The concept of supply and demand translates to the national level. Bane was part of a group that held talks with congresspeople in Washington this year; the group attempted to persuade them to join the Climate Caucus. In the case of one dissenter, “He said, ‘Well, you know, my boss’s district has the headquarters for such and such brand of gas.’ I won’t say it, ’cause then you’ll know which district it was. So it was kind of the end of the conversation.”
One hundred eighty members of Congress currently deny climate change, and have collectively received nearly one hundred million dollars from the coal, oil, and gas industries. But there are cases of formerly climate-denying representatives joining the caucus, and the shift is often explained by pressure from voters in districts that are likely to vote based on environmental consciousness. It’s important to remember who works for whom — congresspeople do not speak for themselves; they speak for their constituents. What do we want them to say?
The year 2020 will be a pivotal year, not only because it is the target year of the Paris Accord, but also because it will be the year of a climate referendum for America. Under the stipulations of the Paris Accord, the US may not withdraw from the accord until three years after the agreement became bond, which would be November 4, 2019. The withdrawal wouldn’t actually go into effect until one year after that, November 4, 2020. Coincidentally, that date is one day after the next US presidential election.
It’s a sequence of events that could incite the most climate-concerned election of all time, one with the potential to alter our perception of the present in light of the future and rally a forceful response in time. Dan Kahan gets the last word on this: “If [citizens] come together in their coalition like that and they’re pressing for a national-scale adaptation program, then this is going to be on the floor of Congress, where it just hasn’t been debated for years. And if that becomes the debate we have in Washington, then we’ve reconfigured the political economy of climate change altogether.”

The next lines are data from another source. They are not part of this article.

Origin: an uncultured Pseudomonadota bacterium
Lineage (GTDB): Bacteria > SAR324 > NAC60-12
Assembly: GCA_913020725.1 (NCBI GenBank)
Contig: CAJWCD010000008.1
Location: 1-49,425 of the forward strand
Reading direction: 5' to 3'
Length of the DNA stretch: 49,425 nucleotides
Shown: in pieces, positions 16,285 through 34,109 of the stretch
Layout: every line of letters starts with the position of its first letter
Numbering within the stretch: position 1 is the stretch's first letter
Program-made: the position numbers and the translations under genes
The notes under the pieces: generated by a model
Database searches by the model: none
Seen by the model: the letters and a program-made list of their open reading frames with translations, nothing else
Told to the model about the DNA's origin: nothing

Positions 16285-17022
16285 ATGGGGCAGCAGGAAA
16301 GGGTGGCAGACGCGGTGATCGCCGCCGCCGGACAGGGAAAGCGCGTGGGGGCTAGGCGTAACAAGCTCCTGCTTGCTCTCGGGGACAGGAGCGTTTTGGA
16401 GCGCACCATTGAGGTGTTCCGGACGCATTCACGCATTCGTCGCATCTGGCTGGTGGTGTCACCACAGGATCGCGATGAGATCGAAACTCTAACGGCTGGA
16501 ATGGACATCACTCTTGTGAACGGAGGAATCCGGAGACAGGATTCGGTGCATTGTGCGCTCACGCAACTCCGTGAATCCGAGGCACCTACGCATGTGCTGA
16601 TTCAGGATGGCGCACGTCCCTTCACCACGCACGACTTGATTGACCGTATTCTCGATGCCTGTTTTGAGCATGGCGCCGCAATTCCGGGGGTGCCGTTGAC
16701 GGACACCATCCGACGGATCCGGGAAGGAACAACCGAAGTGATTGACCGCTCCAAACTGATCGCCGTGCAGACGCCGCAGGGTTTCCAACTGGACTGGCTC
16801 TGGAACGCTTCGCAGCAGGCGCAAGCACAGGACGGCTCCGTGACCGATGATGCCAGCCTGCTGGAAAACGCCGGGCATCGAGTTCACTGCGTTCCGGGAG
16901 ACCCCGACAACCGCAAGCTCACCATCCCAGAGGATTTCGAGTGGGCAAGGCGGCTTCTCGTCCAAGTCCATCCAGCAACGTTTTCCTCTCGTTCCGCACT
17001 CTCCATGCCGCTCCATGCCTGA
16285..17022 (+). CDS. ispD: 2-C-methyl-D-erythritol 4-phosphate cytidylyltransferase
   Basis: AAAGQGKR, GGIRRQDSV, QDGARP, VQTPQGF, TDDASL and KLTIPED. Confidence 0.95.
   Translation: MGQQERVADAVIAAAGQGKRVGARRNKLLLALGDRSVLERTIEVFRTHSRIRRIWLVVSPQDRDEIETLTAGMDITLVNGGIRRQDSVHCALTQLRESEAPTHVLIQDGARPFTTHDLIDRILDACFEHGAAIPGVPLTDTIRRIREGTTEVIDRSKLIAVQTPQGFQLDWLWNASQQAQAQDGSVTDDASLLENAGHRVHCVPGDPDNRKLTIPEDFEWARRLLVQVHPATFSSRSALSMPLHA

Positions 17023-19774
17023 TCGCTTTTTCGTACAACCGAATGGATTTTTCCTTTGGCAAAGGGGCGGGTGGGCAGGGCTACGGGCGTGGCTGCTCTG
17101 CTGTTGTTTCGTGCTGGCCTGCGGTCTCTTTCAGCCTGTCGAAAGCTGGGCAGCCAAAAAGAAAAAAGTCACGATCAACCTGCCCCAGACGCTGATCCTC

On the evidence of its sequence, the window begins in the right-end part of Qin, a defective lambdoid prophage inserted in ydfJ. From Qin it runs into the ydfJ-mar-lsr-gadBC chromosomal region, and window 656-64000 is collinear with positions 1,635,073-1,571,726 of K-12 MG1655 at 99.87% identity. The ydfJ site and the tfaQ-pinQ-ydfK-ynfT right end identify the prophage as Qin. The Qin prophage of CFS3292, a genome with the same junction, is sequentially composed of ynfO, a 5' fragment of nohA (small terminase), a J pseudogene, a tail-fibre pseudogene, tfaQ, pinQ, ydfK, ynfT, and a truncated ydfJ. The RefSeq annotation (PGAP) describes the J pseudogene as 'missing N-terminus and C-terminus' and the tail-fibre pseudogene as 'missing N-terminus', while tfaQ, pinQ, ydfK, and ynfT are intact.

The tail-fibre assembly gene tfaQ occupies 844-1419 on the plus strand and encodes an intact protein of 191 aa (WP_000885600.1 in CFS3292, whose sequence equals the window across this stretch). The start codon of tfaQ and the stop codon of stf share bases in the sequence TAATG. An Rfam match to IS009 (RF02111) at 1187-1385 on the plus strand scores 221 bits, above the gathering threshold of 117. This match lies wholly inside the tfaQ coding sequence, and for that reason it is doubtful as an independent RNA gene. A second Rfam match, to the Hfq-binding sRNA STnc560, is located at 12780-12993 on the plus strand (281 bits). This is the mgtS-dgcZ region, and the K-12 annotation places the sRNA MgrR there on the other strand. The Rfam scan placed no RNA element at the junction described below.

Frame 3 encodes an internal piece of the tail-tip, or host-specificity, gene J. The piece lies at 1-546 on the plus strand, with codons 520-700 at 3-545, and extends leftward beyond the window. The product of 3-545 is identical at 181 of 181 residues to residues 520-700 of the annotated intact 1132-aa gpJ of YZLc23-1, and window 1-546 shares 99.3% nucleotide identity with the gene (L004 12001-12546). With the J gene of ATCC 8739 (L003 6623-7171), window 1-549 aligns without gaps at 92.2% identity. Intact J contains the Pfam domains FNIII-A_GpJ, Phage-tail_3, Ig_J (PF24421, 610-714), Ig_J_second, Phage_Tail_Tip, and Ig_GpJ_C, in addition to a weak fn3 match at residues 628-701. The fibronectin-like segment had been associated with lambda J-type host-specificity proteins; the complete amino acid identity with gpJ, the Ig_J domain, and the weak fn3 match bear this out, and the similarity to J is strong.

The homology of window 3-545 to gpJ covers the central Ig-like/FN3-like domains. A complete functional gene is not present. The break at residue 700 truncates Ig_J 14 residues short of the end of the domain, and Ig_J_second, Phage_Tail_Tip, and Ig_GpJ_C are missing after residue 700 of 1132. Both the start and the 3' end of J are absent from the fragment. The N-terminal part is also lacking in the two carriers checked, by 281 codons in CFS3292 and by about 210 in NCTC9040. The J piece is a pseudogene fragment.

Our actions have never carried so much weight. This era will finally, perhaps fatally, test humanity’s adaptation to a future-shocked world. The crisis demands that we transcend our perception of time and understand that each of our actions is part of a flow of decisions, the consequences of which could close the chapter of human existence.
If a seventh generation never walks on the earth, we won’t ever have to face up to them. Yet the situation imperils us to think that far down the line. The time ahead is ripe with potential, and there can be no delay if we hope to seize it. Do we want to be known as the civilization that didn’t stop mass-producing cheeseburgers or burning gasoline, a greedy species that just couldn’t help themselves? We could be the generation that made the future not only possible, but beautiful, enlightened, and far more equitable than any time that came before it.